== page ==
Bakiyev steps down from President post

Ousted President of Kyrgyzstan Kurmanbek Bakiyev formally stepped down even as the new interim government extended the United States lease of a key airbase in the country for another year.

Mr. Bakiyev faxed his hand-written resignation letter to Kyrgyzstan's new leaders overnight from Kazakhstan.

Russian President Dmitry Medvedev said Mr. Bakiyev's resignation helped avoid a “full-scale civil war and the state's split into parts” following a violent revolt that overthrew Mr. Bakiyev's government last week.

Mr. Medvedev revealed that he had discussed the Kyrgyz crisis with U.S. President Barack Obama and Kazakhstan's President Nursultan Nazarbayev, who holds rotating presidency in the Organisation for Security and Cooperation in Europe, in Washington on the sidelines of a nuclear security conference.

Meanwhile, the Kyrgyz interim government on Friday extended by one year the U.S. lease of an airbase that serves as a transit point for NATO operations in Afghanistan.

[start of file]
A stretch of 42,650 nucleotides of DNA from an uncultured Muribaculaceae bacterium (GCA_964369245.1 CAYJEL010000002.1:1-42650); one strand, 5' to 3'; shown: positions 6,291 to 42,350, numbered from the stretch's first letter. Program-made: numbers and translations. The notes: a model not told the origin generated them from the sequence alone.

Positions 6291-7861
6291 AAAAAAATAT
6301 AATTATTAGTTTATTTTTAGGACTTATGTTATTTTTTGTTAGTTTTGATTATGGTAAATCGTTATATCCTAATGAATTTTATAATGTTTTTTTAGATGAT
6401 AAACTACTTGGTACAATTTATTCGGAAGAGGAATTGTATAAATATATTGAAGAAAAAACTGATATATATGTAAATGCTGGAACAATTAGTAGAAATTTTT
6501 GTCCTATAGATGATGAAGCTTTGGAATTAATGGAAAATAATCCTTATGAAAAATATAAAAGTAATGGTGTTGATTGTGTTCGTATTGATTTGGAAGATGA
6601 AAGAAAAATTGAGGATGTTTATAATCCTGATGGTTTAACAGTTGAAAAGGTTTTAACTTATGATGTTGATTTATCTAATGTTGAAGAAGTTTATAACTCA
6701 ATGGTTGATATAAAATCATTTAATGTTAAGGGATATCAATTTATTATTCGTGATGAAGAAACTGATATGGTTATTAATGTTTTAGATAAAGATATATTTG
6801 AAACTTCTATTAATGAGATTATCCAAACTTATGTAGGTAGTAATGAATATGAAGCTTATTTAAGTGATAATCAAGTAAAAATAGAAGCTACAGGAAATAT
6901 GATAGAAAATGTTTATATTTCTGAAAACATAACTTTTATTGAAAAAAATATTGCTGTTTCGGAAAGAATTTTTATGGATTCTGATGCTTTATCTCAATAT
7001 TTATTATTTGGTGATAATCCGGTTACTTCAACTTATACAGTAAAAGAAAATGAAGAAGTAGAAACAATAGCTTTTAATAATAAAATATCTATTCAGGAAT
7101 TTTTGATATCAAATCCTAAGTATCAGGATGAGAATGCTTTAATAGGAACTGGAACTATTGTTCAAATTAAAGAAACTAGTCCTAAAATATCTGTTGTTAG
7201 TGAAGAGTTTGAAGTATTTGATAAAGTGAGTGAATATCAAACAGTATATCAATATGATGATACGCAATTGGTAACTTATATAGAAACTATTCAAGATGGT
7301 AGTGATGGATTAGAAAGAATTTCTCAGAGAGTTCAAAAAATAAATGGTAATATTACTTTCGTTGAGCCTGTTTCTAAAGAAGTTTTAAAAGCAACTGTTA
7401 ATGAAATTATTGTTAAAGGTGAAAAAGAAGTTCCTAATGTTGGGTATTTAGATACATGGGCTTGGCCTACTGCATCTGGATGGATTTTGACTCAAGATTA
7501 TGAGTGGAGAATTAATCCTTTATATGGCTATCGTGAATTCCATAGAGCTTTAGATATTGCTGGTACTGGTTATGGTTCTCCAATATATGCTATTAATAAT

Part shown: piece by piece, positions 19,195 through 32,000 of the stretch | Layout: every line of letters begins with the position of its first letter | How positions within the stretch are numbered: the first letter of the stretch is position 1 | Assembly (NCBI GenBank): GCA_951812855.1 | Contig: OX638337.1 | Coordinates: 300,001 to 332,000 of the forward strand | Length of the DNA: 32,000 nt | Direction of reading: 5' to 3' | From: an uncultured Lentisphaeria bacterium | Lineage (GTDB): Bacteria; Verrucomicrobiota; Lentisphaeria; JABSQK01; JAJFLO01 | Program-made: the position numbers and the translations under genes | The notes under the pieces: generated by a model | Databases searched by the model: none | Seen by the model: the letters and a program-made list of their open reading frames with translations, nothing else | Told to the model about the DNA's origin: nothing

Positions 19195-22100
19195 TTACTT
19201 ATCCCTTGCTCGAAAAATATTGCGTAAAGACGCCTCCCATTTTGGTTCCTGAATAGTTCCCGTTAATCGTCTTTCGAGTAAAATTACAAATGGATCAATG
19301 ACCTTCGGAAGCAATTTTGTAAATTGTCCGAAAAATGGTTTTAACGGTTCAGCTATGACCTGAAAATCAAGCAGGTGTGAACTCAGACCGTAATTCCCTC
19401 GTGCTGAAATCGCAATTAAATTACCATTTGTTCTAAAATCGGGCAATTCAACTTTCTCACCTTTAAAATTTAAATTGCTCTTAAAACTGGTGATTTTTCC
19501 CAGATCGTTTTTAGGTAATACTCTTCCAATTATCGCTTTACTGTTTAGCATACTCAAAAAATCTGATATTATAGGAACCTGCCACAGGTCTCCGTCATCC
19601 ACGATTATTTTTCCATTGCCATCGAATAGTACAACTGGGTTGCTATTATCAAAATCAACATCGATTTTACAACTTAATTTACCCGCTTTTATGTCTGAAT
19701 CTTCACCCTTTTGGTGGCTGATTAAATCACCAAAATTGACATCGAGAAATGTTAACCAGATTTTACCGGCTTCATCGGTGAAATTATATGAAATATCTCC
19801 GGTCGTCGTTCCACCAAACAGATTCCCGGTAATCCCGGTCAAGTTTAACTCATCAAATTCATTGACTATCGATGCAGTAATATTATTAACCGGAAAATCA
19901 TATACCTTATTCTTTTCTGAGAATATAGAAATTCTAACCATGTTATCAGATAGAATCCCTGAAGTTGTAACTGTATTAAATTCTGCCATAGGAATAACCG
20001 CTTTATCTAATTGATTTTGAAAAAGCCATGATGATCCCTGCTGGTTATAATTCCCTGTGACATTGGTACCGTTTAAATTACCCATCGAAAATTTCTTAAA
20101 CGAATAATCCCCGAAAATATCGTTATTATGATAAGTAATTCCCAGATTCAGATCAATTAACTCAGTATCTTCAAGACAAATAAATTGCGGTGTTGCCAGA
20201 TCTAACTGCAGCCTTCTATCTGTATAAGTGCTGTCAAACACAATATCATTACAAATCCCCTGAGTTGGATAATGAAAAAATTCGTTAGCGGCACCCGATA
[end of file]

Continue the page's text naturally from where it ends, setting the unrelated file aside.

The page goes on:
The lease extension was announced after U.S. Assistant Secretary of State Robert Blake, who arrived in the capital Bishkek on Wednesday, held talks with Kyrgyzstan's new leaders. Deputy head of the interim government Omurbek Tekebayev said the decision had been taken because the lease expired in July and the new Parliament, which should decide the fate of the base, would be elected only in October. The old legislature has been dissolved.

Kyrgyzstan's new leader Rosa Otunbayeva said in a televised address to the nation that even though Mr. Bakiyev had been “evicted” from Kyrgyzstan to avoid further bloodshed he would stand trial and face punishment for the “mass killings” he had caused when people revolted against his rule. At least 84 people were killed and 1,500 wounded when troops loyal to Mr. Bakiyev shot into crowds that stormed government buildings on April 7.

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Printable version | Dec 9, 2021 8:26:01 AM |

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